This week the London Olympics will finally begin and the organisers will hope the carping of the naysayers will be drowned out in a rush of national pride and sporting excellence.
But long after memories of the G4S security fiasco and the "Zil lanes" and the Olympic branding-police have faded, there will still be a bitter taste left in the mouth over a modest request for an overdue tribute to the Israelis murdered by Palestinian terrorists at the Munich Olympics in 1972. A minute of respectful silence: that is all the widows and relatives of the 11 athletes and coaches are asking for. A minute of sobriety out of this two-week carnival.
This was a chance for London to stand shoulder to shoulder with the victims of terrorism, where eight cities had failed before it. But the simplest of human impulses -to honour those cut down before their time - has become entangled in the poisoned politics of the International Olympic Committee.
The most powerful man in the world, the President of the United States, has expressed his support for the silence. The Prime Minister of the United Kingdom and the Mayor of London both say they want it to happen. But due to the contractual obligations of the IOC, an Olympic state within a state has been created in which the word of one man is law, that of IOC President Jacques Rogge. And Rogge says no.
All UK government departments concerned with the issue have a craven script to read. The Home Office, the Foreign Office and the Department of Culture, Media and Sport all parrot the same line: "The decision as to whether a minute's silence is held during the Games lies with the International Olympic Committee."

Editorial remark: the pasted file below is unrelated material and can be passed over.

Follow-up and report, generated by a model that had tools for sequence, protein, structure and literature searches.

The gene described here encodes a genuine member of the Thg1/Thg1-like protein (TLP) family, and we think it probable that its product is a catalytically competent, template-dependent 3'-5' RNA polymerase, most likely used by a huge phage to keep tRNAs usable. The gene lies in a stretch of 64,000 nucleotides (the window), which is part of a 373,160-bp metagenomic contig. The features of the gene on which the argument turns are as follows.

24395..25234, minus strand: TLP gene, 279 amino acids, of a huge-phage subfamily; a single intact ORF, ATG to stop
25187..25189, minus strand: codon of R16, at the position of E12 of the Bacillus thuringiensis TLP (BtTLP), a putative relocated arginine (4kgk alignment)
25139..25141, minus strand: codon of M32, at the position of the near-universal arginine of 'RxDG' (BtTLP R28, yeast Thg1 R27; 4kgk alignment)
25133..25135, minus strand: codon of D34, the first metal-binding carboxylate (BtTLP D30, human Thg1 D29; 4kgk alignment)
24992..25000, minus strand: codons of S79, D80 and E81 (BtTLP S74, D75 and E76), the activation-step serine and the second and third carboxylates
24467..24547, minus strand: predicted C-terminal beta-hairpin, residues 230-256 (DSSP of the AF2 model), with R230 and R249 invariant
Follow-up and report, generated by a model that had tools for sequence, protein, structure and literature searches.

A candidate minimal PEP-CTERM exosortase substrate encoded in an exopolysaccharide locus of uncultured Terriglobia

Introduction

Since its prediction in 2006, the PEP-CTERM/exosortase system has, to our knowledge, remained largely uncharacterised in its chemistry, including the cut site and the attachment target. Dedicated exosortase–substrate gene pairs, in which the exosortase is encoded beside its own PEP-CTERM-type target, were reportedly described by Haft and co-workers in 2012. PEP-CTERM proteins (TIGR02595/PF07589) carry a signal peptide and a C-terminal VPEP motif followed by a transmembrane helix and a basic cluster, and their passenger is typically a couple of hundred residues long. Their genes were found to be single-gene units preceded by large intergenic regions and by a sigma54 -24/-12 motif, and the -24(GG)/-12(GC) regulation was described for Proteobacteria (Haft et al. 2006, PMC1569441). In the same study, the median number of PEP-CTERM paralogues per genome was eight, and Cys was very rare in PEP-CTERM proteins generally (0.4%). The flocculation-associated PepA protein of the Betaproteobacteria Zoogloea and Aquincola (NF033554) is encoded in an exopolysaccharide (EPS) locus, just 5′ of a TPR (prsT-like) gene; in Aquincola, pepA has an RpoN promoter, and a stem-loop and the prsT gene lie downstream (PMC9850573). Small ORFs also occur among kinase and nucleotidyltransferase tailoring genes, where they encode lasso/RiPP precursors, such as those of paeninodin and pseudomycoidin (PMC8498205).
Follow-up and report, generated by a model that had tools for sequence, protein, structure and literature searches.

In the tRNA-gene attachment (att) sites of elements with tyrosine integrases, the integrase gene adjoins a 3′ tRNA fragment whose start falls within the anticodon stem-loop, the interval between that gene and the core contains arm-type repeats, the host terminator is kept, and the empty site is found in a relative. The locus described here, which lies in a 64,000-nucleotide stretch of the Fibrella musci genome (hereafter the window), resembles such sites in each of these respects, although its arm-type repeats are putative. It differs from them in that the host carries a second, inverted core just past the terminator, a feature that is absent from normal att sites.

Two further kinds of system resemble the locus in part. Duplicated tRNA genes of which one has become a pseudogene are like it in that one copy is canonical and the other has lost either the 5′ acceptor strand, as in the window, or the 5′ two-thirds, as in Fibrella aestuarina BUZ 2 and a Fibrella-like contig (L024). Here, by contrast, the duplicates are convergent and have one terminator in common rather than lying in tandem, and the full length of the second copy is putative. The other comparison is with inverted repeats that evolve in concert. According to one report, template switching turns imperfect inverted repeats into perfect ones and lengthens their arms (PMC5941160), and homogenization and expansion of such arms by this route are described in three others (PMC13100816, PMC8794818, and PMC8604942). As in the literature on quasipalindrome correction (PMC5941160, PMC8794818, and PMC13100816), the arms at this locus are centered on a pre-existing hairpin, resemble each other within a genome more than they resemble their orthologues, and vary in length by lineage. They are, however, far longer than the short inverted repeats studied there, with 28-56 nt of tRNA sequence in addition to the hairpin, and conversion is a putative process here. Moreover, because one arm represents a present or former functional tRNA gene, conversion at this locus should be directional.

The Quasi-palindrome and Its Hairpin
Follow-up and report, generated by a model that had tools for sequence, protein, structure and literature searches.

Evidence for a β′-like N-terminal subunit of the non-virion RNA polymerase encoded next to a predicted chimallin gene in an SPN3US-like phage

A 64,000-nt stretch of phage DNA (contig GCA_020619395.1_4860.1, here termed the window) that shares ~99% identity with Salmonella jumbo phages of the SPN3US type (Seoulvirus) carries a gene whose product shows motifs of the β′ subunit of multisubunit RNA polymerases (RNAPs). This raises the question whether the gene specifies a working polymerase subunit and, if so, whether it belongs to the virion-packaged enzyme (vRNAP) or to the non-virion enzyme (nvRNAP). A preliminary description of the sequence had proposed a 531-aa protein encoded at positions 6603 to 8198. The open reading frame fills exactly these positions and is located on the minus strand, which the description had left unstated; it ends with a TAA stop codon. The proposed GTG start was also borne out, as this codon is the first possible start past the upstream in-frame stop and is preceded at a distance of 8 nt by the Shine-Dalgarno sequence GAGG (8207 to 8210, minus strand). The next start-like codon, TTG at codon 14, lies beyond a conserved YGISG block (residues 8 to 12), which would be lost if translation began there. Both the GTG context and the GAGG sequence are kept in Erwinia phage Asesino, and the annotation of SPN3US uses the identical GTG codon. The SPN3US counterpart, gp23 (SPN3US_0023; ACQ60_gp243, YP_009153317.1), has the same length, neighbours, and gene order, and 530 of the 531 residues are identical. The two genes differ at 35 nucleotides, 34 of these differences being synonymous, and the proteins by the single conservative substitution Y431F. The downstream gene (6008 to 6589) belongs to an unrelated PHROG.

And thus all moral responsibility is shuffled off. The Foreign Office even informed me that there could be no diplomatic row between Britain and Israel on this issue as it had nothing to do with the UK government.
I know David Cameron is aware of how humiliating this is for Britain and for him personally. Following an approach from the Jewish Chronicle and Israel Radio, last-minute discussions were held this week between Downing Street and the London 2012 organising committee Locog to broker a compromise. At the time of going to press Mr Cameron also intended to use his own Olympic press conference to pay tribute to the victims of the 1972 atrocity.
Who knows, by the time this column appears, perhaps Mr Rogge will have been persuaded to do the right thing - although it remains to the shame of the IOC that nothing has been done for 40 years. But what would have happened if the UK government had put its foot down from the outset? With such overwhelming international support, what could Jacques Rogge have done? The IOC cannot declare war, although from the behaviour of some UK officials and politicians, you might imagine it could.
Such is the power of the IOC that Mr Rogge has not even felt the need to provide a coherent argument for his decision. He is a lone voice in suggesting the opening ceremony is not an appropriate moment for such a tribute. But more pernicious still is the idea that a minute's silence would politicise the occasion. According to the Olympic ideal, all competitors are equal participants, divided only by performance in their chosen discipline.
Except, it seems, for Israeli athletes, stripped of their humanity by the terrorists, and again by the IOC, which refuses to allow the world to pay tribute to them not as political figures, but as Olympians murdered in the cruellest fashion.